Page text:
Looking back on Touradji’s firmwide reorg and the launch of John Thaler’s JAT

By Rob Copeland

Tue Sep 18, 2012

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AR also revisits AQR’s quest for cash from the Pacific Northwest.


One year ago
»» Paul Touradji told clients he was reorganizing his firm to spend more time investing and less time managing operations. "Simply put, the daily operation of the firm must go from being a major time and energy drain on me to an integral support function for our entire team," he wrote.

Three months later, stung by a 14% loss in 2011 and a major asset drop that pushed the firm off AR’s Billion Dollar Club rankings, Touradji announced he was hiring Tudor Investment Corporation veteran Peter Borish as CEO in a role focused on marketing. But Borish lasted fewer than six months, as his six-month contract was not renewed because the firm’s flagship commodities fund has remained closed to new investment.

Firmide assets remain just under $1 billion, similar to one year ago. Touradij declined to comment.

See also: The Rich List 2009: Paul Touradji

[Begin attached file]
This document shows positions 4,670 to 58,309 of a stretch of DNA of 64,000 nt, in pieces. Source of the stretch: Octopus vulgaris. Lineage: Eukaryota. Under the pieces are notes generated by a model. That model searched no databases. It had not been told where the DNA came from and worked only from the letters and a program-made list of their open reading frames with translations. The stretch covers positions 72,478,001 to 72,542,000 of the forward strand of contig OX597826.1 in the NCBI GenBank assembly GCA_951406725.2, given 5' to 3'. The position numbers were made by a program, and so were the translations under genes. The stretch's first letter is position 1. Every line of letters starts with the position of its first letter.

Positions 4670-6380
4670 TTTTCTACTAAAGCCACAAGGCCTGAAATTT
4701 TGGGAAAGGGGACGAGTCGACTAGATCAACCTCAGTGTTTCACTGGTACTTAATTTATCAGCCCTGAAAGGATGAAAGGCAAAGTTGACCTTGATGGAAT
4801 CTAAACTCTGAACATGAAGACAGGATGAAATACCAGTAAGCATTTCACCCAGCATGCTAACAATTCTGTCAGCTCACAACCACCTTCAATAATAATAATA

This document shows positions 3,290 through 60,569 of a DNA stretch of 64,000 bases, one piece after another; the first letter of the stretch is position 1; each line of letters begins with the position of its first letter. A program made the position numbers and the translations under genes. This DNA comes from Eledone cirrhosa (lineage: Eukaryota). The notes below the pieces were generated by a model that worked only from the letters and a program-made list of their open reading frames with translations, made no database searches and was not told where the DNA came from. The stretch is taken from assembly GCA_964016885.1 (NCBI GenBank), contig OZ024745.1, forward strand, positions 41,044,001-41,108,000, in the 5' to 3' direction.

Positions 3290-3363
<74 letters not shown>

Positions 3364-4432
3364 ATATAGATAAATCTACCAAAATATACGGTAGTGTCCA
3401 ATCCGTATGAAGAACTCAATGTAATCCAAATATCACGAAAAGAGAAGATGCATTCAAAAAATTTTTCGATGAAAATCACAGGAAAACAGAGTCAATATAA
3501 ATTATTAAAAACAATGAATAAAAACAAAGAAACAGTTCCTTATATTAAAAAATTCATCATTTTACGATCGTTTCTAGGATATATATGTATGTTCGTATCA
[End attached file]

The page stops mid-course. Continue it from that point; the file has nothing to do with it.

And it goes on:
»» AQR Capital Management raised $100 million from the Oregon Public Employees Retirement Fund, for the Greenwich firm’s Delta fund.

Performance for that particular fund was not immediately available, but AQR’s Multi-Strategy Alternative Fund, a hedge fund-like mutual fund which goes long and short, is up only 1.96% this year through the end of August, compared with a 13.51% rise for the S&P 500 Index during the same time period.

The AQR investment was to be the first of $600 million of Oregonian hedge fund allocations by the end of 2012, but there have been no further allocation since then. The Oregon pension’s alternatives head John Hershey did not respond to a request for comment.

See also: AQR’s Asness building gigantic mansion AQR achieves a geeks’ revenge

Five years ago
»» Shumway Capital Partners portfolio manager John Thaler founded JAT Capital, a global equity long/short firm focused on the technology, media and telecommunications (TMT) sectors. Thaler launched with $200 million and rose quickly, reaching $2.4 billion at the start of 2012, months after it was nominated for an AR Award.

This year has been a rude awakening. Down 20% through midyear, JAT earned a New York Times chastising as "a lesson in volatility" and lost $500 million in assets in six months. Through the end of August, the firm was down 15.1%, according to a person familiar, compared with a 3.88% rise for the Absolute Return Global Equity Index. In 2011, the fund returned 17%.

External spokeswoman Catherine Jones said the firm declined to comment.

ISSN: 2151-1845 / CDC10004H